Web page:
Editing Out the Punch Line

Three years ago I expected a letter published in the Star Ledger to be my last.  It wasn’t as today a letter I edited based on a blog I put up on Friday appeared in the paper.  At least most of it appeared in the paper:

N.J.’s pension follies: Letter

A letter writer wants our leaders at the Trenton Statehouse to reform the public-employee pension system so that it is fair to all. (Tony Kurdzuk/The Star-Ledger)

Letters to the Editor/The Star-Ledger By Letters to the Editor/The Star-Ledger
on May 13, 2014 at 9:00 AM, updated May 13, 2014 at 9:36 AM

Another New Jersey budget hearing and another stupid idea as state Treasurer Andrew Sidamon-Eristoff considers delaying the state’s pension contribution a week to balance the current budget (“Jersey may hold pension payment,” May 9). Of course, the $1.58 billion payment is far less than what is needed to cover the escalating liabilities, but in this fantasy fiscal world, where any number will do as long as it is small enough and you follow proper procedures, there are a few details to address.Will there be a one-week interest adjustment on the late payment, since the payment due June 30 was adjusted for interest from the July 1, 2012, valuation it was based on?
The current budget year may be balanced, but where does this payment fit into the 2014-15 budget, which already includes a $2.25 billion pension payment?

Senate President Stephen Sweeney threatened to “shut down government if Chris Christie reneges on pension payment,” yet he kept quiet as that payment was reduced by $94 million through actuarial gimmickry and now will be severely reduced, if not for 2013-14, then certainly for 2014-15.

John Bury, Kenilworth



It ends there. Of course I am grateful to get the issue of New Jersey’s dysfunctional pension/political system more attention but there is more to the story.  The last line edited out by the Star Ledger:

At this point what should be shut is his mouth as he has become an enabler of Chrisitie’s delusion of fiscal competence.



7 responses to this post.

  1. Posted by Tough Love on May 13, 2014 at 12:17 pm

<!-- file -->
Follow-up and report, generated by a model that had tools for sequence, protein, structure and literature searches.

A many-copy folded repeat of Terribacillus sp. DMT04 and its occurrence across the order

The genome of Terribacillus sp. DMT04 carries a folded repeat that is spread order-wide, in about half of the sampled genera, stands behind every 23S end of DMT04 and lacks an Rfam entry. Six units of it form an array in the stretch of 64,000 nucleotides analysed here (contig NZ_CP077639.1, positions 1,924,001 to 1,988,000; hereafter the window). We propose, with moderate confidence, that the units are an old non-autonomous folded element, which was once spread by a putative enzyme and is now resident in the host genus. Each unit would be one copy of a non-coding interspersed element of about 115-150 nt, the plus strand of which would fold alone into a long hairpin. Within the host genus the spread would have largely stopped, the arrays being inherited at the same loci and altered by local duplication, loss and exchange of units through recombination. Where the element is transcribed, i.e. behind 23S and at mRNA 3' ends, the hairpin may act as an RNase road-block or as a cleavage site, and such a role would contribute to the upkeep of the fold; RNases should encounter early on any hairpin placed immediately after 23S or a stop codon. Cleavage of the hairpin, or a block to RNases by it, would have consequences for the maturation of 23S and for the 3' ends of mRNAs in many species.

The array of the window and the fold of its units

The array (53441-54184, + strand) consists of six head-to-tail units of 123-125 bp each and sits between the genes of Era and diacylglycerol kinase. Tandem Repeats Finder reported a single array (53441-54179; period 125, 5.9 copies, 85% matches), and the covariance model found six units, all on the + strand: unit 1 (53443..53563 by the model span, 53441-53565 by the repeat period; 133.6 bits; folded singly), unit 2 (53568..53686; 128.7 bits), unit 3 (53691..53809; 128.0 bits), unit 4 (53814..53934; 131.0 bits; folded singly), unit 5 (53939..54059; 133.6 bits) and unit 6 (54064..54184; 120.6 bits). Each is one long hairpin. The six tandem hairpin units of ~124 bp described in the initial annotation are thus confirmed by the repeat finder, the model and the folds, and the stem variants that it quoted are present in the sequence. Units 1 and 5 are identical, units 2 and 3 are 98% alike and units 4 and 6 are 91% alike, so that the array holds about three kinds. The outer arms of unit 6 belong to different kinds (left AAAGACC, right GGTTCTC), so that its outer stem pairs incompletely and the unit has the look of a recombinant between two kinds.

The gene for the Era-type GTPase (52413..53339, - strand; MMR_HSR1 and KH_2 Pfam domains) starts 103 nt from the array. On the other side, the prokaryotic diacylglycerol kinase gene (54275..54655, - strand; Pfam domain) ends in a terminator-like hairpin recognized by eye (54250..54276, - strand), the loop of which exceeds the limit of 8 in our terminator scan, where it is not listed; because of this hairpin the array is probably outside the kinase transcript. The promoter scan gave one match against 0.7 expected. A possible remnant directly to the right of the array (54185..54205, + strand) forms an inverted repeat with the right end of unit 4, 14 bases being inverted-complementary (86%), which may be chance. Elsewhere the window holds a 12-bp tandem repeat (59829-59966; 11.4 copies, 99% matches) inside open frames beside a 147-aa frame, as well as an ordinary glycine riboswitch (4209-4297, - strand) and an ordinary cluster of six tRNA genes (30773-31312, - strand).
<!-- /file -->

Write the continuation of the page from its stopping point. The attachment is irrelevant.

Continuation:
Unfortunately Sweeney’s song has changed.

    A year or 2 ago he worked with hand-in-hand with Christie on some pension reforms (not really much, but more than anyone else would have done) recognizing that what’s good for PUBLIC Sector Unions (MORE, MORE, & MORE) is not good for his PRIVATE Sector Steelworkers Union … as no money left to fund construction projects (since it all has to go to pay for Public Sector pensions & benefits) means few construction jobs.

    Now, with his sights on NJ’s governorship, his song has changed. Knowing that he needs the Public Sector Union vote to ramp up his chances, he’s now supporting that shoveling of NJ taxpayer’s money to support these overstuffed Public Sector pensions, just like all the other politicians …..

    Perhaps one day someone will stand up to the Unions and say:

    “We’ve got one heck of a problem with your PAST service accruals, and we’ll need to address that, but it’s clear that your pensions are unaffordable, so heretofore. FUTURE service accruals STOP. You’ll now be getting 3% into a 401k-style DC Plan and Social Security …. just like 95+% of the Taxpayers who are on the hook for YOUR pensions”

    Oh to dream ……….


  2. Posted by George on May 13, 2014 at 9:15 pm

  3. The Transit Union in Pittsburgh hasn’t had a COLA since 2003. Of course there fund is at 87 funded. In good shape.


    • Posted by Tough Love on May 14, 2014 at 10:26 am

      Well, maybe it’s not really in such good shape…..

      Moody’s current methodology uses the following formula to adjust the PV of Plan Liabilities calculated at the (universally high) “official” Plan discount rate (typically around 7.5%) to a more reasonable level (around 5.5%)

      [ PV x ( 1 + official %i ) ^ 13 ] / ( 1 + adjusted %i ) ^ 13 = Adj PV

      If we assumed we have $87 in assets and $100 in PV of “Official” Plan liabilities, giving the “Official” Plan funding ratio of $87/$100=87% that you noted, and we recalculate the PV of Plan liabilities using Moody’s formula (and going from 7.5%* to 5.5%), we have:

      [ $100 x 1 .075 ^ 13 ] / ( 1.055 ^ 13) = Adj PV

      From which Adj PV = $100 x 2.560/2.006 = $127.62, and
      giving us an Adj. Funding Ratio of $87/$127.62 = 68.17% … pretty crappy.

      * I don’t know what the Pittsburgh Transit Union Pension Plans use for discounting Plan liabilities, so I am using 7.5%


      • Posted by Anonymous on May 15, 2014 at 12:29 pm

        My God, you have too much time on your hands…………..


        • Posted by Tough Love on May 15, 2014 at 1:07 pm

          Telling the truth and being honest doesn’t take much time.

          It’s when you lie or delude yourself (like saying that the Plans are well funded when they’re really near the edge of the cliff), that you set the stage that needs great time to fix …. if fixable at all.


Leave a Reply

Fill in your details below or click an icon to log in:

WordPress.com Logo

You are commenting using your WordPress.com account. Log Out / Change )

Twitter picture

You are commenting using your Twitter account. Log Out / Change )

Facebook photo

You are commenting using your Facebook account. Log Out / Change )

Google+ photo

You are commenting using your Google+ account. Log Out / Change )

Connecting to %s

%d bloggers like this: